To get to Lyanna, six men entered but only two survived—Ned Stark and Howland Reed. Though we've never met Howland, Jojen and Meera Reed both turn up later in the series to help Bran Stark on his mission to find the three-eyed raven. In the books, Meera and Jon Snow both have the same birth dates (the same year Lyanna died), similar looks (dark hair/slim), and c'mon–we all like a plot twist.
WTF factor: none
Jon Snow Isn't a Bastard at All—He's a Targaryen
As we've (sort of) gone over in not much detail, the biggest fan theory (opens in new tab) is that Jon Snow is not a bastard—he's the son of Lyanna Stark and Rhaegar Targaryen. There is so much evidence for this (opens in new tab), that it seems a little hard to argue. But one of the most convincing is that early on, Arya and Jon are said to look so much alike that Sansa jokes Arya is a bastard like Jon. Arya is then said to resemble Ned's sister, Lyanna. DO YOU SEE NOW?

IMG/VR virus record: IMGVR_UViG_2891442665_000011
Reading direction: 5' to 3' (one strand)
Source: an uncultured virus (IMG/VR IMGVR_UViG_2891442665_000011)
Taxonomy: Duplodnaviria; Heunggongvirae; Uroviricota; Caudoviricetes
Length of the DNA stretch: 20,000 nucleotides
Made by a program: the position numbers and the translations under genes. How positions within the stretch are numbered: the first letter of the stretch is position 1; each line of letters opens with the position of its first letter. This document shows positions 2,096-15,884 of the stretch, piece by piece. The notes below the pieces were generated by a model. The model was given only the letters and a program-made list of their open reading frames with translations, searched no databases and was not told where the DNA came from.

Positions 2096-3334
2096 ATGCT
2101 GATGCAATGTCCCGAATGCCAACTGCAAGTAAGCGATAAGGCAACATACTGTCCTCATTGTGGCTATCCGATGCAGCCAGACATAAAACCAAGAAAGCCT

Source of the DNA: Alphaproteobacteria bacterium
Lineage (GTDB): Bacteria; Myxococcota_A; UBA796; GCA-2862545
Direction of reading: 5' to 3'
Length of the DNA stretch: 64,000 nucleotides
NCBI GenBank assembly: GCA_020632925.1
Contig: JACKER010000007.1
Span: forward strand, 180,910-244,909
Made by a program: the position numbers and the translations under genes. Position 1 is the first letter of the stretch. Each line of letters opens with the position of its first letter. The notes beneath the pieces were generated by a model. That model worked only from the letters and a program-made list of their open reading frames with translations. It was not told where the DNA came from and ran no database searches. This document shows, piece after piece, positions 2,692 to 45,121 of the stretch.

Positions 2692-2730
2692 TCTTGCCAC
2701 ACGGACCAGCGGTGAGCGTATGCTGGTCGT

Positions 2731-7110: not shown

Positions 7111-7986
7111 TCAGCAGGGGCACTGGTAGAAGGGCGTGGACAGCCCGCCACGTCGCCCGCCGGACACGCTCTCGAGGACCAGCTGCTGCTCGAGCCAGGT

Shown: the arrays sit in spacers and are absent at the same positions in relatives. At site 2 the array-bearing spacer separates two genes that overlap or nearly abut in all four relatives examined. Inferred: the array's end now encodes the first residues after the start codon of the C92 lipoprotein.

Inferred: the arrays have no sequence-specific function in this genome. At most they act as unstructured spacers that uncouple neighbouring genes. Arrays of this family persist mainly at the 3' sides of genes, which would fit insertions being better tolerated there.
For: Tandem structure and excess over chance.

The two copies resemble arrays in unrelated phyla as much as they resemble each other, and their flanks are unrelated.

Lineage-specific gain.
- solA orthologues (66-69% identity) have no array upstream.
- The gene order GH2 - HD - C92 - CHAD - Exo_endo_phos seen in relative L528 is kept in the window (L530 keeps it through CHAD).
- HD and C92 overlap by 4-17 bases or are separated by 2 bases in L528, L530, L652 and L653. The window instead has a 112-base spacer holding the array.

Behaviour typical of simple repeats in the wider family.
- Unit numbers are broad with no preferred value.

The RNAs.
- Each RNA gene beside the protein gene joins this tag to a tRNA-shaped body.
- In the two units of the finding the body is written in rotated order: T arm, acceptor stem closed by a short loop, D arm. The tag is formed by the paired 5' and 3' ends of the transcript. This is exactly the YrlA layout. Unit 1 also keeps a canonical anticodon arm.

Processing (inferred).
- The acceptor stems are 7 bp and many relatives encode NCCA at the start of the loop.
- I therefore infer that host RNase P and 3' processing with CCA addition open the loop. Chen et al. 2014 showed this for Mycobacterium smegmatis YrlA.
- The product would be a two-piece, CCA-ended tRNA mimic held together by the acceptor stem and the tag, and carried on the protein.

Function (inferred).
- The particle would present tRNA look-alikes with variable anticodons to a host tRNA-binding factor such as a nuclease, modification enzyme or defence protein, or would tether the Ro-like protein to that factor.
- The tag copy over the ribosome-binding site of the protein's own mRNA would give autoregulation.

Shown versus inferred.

WTF factor: you're crazy if you *don't* believe this
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Samantha Leal is the Deputy Editor at Well+Good, where she spends most of her day thinking of new ideas across platforms, bringing on new writers, overseeing the day-to-day of the website, and working with the awesome team to produce the best stories and packages. Before W+G, she was the Senior Web Editor for Marie Claire and the Deputy Editor for Latina.com, with bylines all over the internet. Graduating from the Medill School of Journalism at Northwestern University with a minor in African history, she’s written everything from travel guides to political op-eds to wine explainers (currently enrolled in the WSET program) to celebrity profiles. Find her online pretty much everywhere @samanthajoleal.